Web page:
We typically think of biases as those bad thought patterns that prevent us from thinking rationally.
What they really are though are heuristics that make our thought life less complicated. These shortcuts are only bad if they routinely direct us to make errors in judgement. We can however take note of these problematic patterns and refocus them in beneficial ways.
Attention bias is the tendency for people's perception to be affected by their recurring thoughts at any given time. For instance, if think there is something significant about the number 13, you will start to notice it everywhere. Attentional biases explain an individual's failure to consider alternative possibilities, as specific thoughts guide the train of thought in a certain manner (see Wikipedia entry: Attention Bias).
What this means is that whatever it is you are focused on will be amplified in your perception, your subconscious will automatically direct your attention to things you've selected as important, and ignore things that you have by default not selected as important. Watch this short video experiment.
Most people, who follow the instructions, miss the gorilla because they are focused on counting the number of times the people in white pass the ball. In order to track the people in white, the brain suppresses information about the figures wearing black. The gorilla - which is also black - is able to walk right through the center of the group and pound his chest without ever attracting attention.
There's great potential here to distort reality, if someone's selective attention is programmed with conspiracy theories, or political propaganda, or racial prejudices for instance. These faulty premises will actively draw attention to things that support this belief, and suppress information that counts against it. This is a kind of sub-group of the attention bias, called the Confirmation Bias.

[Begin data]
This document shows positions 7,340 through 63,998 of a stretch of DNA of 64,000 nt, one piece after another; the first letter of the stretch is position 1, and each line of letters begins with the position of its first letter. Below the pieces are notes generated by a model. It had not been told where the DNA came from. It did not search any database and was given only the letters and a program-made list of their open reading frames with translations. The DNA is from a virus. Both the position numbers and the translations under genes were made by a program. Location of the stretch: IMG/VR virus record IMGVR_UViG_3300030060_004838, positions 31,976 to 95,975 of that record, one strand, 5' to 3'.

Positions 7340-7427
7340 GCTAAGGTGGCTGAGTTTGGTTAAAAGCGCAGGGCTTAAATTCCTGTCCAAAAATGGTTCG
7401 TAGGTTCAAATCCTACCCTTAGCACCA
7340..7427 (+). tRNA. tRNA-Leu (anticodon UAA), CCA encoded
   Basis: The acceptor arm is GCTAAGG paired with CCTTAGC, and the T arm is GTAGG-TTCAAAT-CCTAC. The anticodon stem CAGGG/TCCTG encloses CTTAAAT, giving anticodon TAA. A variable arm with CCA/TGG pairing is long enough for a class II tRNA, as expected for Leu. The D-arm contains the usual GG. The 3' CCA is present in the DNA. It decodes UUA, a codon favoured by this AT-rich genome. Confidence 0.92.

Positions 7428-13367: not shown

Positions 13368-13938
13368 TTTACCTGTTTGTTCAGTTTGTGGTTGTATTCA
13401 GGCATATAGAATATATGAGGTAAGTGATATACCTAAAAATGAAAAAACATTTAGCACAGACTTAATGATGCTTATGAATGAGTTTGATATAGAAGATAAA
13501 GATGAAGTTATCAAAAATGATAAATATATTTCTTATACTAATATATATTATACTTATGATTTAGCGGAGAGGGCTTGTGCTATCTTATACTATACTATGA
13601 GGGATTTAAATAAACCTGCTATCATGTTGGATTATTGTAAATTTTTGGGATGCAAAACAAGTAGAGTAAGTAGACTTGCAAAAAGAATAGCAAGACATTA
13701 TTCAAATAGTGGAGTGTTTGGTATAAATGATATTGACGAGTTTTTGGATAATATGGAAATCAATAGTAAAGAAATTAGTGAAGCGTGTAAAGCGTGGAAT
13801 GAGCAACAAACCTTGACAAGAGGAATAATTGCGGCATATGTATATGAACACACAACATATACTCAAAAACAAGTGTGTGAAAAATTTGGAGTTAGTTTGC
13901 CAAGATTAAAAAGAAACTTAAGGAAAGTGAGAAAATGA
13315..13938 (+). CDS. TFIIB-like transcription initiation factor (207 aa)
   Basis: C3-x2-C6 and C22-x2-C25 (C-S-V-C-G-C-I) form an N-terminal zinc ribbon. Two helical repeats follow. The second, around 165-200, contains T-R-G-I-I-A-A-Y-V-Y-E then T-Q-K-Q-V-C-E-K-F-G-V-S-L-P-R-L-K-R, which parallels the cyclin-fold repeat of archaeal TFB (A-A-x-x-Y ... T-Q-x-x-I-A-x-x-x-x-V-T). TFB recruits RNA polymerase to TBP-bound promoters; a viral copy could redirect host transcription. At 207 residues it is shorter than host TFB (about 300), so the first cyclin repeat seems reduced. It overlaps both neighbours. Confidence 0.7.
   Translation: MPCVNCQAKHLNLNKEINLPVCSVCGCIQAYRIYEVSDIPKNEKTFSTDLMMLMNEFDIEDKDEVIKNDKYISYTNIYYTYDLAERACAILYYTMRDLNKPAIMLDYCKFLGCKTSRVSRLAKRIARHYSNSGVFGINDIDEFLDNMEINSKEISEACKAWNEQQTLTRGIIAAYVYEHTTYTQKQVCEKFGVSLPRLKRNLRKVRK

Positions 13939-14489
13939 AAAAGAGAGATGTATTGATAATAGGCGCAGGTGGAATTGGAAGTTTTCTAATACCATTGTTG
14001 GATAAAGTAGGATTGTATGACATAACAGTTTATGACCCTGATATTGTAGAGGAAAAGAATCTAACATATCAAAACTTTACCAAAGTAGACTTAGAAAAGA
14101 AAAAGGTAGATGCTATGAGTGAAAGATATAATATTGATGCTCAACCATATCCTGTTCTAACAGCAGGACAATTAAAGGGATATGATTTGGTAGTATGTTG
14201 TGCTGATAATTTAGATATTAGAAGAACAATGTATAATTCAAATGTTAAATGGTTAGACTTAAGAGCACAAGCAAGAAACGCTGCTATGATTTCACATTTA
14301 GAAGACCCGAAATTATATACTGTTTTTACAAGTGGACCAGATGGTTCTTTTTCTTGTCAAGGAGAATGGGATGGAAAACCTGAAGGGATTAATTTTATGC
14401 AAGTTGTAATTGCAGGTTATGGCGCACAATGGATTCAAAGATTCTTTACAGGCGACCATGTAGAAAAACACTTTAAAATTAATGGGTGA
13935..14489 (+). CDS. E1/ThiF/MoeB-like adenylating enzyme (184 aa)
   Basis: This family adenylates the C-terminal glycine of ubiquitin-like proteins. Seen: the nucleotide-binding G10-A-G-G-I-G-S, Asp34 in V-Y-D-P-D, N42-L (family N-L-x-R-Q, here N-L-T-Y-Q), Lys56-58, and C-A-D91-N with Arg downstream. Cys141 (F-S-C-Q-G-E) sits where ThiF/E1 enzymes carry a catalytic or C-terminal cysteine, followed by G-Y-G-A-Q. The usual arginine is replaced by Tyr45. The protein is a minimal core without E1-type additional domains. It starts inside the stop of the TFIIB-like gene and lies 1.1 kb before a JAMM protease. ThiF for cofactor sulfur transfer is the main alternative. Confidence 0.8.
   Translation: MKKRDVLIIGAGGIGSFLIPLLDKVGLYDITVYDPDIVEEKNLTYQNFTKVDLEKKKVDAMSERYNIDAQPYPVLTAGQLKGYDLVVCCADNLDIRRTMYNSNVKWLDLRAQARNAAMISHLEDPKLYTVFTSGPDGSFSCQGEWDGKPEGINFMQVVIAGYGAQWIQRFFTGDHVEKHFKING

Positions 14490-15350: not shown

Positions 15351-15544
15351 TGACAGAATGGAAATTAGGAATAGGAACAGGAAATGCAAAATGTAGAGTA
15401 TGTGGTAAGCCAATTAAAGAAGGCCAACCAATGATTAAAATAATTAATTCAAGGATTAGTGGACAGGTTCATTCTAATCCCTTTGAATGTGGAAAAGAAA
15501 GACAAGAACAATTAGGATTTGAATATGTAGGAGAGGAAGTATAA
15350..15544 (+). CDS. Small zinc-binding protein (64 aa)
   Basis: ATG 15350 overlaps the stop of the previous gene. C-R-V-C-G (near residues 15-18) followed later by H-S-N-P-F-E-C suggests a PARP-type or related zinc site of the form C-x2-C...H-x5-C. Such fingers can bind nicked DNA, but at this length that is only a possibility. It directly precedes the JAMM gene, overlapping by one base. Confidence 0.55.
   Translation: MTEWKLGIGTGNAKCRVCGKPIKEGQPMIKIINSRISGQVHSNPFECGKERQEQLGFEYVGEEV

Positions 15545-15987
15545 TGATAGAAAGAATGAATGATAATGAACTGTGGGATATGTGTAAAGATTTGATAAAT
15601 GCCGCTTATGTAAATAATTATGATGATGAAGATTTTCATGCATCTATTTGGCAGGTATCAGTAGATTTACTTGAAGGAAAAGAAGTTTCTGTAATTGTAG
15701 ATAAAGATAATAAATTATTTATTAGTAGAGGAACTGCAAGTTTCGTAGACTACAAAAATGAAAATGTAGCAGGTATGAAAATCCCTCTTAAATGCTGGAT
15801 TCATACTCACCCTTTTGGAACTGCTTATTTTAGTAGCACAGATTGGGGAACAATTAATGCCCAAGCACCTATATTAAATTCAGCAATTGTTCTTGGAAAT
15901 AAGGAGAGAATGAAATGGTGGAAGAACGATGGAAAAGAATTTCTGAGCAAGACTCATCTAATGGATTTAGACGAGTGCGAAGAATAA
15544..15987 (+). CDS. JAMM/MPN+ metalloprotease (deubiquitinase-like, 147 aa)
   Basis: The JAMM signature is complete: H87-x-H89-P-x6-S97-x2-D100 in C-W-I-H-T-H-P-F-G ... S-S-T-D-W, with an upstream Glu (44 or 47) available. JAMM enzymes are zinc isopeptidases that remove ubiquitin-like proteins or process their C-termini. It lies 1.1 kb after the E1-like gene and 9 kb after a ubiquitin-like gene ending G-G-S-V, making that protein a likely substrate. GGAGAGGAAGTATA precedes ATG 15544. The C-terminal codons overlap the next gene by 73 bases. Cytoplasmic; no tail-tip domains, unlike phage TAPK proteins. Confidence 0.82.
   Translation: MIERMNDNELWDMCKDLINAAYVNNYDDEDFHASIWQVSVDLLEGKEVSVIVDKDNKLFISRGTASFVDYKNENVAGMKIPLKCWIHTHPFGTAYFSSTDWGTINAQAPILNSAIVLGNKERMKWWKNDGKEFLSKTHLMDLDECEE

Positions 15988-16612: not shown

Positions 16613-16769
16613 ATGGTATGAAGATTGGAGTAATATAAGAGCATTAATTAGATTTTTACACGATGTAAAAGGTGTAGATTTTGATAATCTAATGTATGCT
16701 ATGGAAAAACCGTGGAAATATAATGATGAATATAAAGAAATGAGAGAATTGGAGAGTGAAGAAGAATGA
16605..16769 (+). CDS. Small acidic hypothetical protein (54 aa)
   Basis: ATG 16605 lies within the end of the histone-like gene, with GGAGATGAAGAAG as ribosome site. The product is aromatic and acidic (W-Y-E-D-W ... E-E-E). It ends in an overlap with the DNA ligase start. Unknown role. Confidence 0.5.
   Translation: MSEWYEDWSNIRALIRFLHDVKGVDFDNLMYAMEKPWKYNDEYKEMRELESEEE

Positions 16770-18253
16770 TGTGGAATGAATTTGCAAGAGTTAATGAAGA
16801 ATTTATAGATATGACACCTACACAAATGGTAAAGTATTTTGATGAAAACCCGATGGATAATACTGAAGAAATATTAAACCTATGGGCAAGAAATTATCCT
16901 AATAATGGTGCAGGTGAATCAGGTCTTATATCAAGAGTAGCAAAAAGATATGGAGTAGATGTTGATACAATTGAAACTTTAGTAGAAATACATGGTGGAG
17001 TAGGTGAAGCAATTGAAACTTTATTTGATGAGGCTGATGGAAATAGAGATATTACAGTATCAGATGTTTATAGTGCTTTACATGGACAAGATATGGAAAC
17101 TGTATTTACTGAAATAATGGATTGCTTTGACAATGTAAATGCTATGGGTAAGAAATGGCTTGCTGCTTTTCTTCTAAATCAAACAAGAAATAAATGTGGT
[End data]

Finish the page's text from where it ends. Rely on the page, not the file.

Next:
Aside from the power to distort our perception of reality however, the attention bias also has the power to draw our attention to very real things - both helpfully and unhelpfully. An example of an unhelpful focus would be focusing on all the things that don't go our way. This is something I do, and it can lead to to believe that the universe has it in for you. I often find myself thinking "nothing ever works out for me." These thoughts can result in debilitating depression.
Apparently it works the other way too though - thankfully. For instance, people who think they are lucky have a self-serving attention bias that causes them to focus on things that do go their way, and to suppress their recollection of things that do not. More importantly it probably helps them notice opportunities that a person with a negative bias might miss - and keeps them open to taking risks.
But, I'm not interested in cultivating a belief in luck. What I would like to talk about is gratitude - having a spirit of thankfulness. A lot of us believe we would feel more thankful if we had more things to feel thankful about. In truth, we probably don't have more things to be thankful about because we are not thankful for the things we have. By exercising our ability to express gratitude we become aware of the just how much God has done for us, and we free ourselves from being paralyzed by
I read this article recently titled "I Skeptically Tried Practicing Gratitute, It Completely Changed My Life." The author, Leslie Turnbull, did an experiment where she actively wrote five things that she was thankful for each day, the catch was, she could not be thankful for the same thing twice so the exercise becomes more challenging as you go. Turnbull started off like me, very cynical (I imagine post-its with smiley faces on my mirror and cheesy motivational posters). But over time her attitude began to change. She began to actually feel more thankful - and to notice more things to be thankful for.
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